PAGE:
That sets the tone for the whole document. There is only one complication with this – there is no such thing as a weak or strong fiscal position for a sovereign government. The concept of fiscal strength or fiscal weakness has no meaning for most countries.
So a rising budget deficit is not a weaker position nor is a move into surplus a stronger position. One has to judge policy positions by where the real economy is. A move into surplus with strong net exports and private domestic meeting their saving desires which results in full employment is a strong position. But a move into surplus (a la Estonia) with weak net exports and rising private domestic indebtedness and persistently high unemployment is a weak position. I could construct examples for rising deficits that would convey the same message.
Then you read this from the main text in the Fiscal Monitor:
… underlying fiscal trends have further deteriorated since the November Monitor
Except, there is no such thing as a deteriorating or improving fiscal position when we are talking about a sovereign government. The real economy can improve or deteriorate. A household’s wealth holdings can go up or down. But such descriptors are of no relevance or meaning to the budget position of a sovereign government.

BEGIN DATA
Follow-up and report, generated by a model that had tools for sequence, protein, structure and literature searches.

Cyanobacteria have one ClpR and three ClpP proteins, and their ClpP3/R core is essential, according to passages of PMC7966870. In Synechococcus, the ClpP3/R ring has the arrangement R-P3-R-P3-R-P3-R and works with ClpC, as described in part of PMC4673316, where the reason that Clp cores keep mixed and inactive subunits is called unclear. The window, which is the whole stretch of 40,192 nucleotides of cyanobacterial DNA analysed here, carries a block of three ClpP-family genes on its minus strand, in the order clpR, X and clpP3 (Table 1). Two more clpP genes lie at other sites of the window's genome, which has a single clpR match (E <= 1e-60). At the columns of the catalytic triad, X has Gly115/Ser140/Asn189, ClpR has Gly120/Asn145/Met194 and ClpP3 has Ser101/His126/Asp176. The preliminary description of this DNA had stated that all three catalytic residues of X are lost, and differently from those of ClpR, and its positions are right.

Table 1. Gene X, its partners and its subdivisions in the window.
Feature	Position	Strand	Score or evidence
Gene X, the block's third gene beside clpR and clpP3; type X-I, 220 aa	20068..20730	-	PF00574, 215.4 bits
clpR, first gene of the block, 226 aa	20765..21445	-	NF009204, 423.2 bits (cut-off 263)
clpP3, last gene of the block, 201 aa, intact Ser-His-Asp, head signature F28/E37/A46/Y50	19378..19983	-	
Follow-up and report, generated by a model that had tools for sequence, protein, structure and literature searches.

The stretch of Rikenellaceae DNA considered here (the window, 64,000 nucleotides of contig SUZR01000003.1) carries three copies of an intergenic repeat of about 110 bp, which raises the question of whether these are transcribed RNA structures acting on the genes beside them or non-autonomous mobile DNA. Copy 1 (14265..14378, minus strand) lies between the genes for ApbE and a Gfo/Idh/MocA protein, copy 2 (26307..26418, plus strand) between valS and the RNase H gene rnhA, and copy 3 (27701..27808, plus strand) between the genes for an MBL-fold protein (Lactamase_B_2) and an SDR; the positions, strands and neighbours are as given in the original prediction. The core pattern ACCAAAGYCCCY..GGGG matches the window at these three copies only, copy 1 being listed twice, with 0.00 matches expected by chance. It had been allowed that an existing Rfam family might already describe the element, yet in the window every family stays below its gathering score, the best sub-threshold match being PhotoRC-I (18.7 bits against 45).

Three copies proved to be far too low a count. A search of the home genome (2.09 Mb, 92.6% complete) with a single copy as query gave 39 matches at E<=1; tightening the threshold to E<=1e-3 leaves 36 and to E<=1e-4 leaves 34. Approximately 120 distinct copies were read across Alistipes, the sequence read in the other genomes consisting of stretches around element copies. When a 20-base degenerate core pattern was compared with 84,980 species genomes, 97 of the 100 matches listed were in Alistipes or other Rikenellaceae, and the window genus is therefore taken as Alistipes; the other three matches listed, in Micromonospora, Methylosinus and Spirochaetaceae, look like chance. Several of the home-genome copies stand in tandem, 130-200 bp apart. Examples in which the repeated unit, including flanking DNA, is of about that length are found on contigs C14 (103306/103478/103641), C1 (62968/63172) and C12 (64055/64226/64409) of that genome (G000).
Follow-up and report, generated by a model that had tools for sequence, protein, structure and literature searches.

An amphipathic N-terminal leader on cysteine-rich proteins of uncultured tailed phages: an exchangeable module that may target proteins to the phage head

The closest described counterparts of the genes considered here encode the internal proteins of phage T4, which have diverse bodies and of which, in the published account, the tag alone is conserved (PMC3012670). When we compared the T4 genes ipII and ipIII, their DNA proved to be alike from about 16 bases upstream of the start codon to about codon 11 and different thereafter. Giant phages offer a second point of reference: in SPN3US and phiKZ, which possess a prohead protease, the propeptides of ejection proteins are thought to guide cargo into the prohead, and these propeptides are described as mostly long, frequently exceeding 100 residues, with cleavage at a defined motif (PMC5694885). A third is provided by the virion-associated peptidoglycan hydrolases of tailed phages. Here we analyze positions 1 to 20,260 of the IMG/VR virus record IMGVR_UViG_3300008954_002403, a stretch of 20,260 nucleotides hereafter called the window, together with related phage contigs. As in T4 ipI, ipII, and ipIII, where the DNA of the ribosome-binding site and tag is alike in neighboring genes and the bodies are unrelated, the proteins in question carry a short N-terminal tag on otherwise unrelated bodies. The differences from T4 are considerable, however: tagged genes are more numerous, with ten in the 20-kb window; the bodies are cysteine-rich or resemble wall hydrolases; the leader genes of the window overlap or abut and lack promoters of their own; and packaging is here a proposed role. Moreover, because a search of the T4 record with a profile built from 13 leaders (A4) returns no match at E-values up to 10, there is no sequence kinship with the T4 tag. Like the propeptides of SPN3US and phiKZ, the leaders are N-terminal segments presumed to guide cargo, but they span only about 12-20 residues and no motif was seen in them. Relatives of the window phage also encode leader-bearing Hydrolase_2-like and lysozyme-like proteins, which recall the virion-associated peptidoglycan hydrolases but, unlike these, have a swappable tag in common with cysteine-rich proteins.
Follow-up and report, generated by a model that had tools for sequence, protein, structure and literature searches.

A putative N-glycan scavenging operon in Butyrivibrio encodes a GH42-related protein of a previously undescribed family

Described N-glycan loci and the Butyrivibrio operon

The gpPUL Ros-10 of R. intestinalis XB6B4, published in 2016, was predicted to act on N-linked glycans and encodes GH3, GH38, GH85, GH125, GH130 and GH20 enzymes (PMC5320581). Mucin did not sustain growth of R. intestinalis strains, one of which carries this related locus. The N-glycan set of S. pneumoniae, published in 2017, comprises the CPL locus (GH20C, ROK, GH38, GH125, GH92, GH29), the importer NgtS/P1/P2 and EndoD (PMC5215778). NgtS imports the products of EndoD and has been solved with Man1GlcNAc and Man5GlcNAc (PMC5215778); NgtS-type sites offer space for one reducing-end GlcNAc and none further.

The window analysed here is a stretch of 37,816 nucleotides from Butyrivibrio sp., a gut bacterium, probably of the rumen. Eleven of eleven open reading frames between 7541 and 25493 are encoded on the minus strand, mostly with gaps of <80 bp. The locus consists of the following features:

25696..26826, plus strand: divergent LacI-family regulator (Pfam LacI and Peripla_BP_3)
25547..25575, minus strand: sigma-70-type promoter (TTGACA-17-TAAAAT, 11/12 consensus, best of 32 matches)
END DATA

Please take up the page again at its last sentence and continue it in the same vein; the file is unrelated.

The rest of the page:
Then, soon after, this:
… while a widespread loss of confidence in fiscal solvency remains for now a tail risk …
So how is the probability density function (PDF) specified that puts, for example, a sovereign debt default in Australia, the US, Japan 1.96 standard deviations or more from the mean. What is the mean? Zero?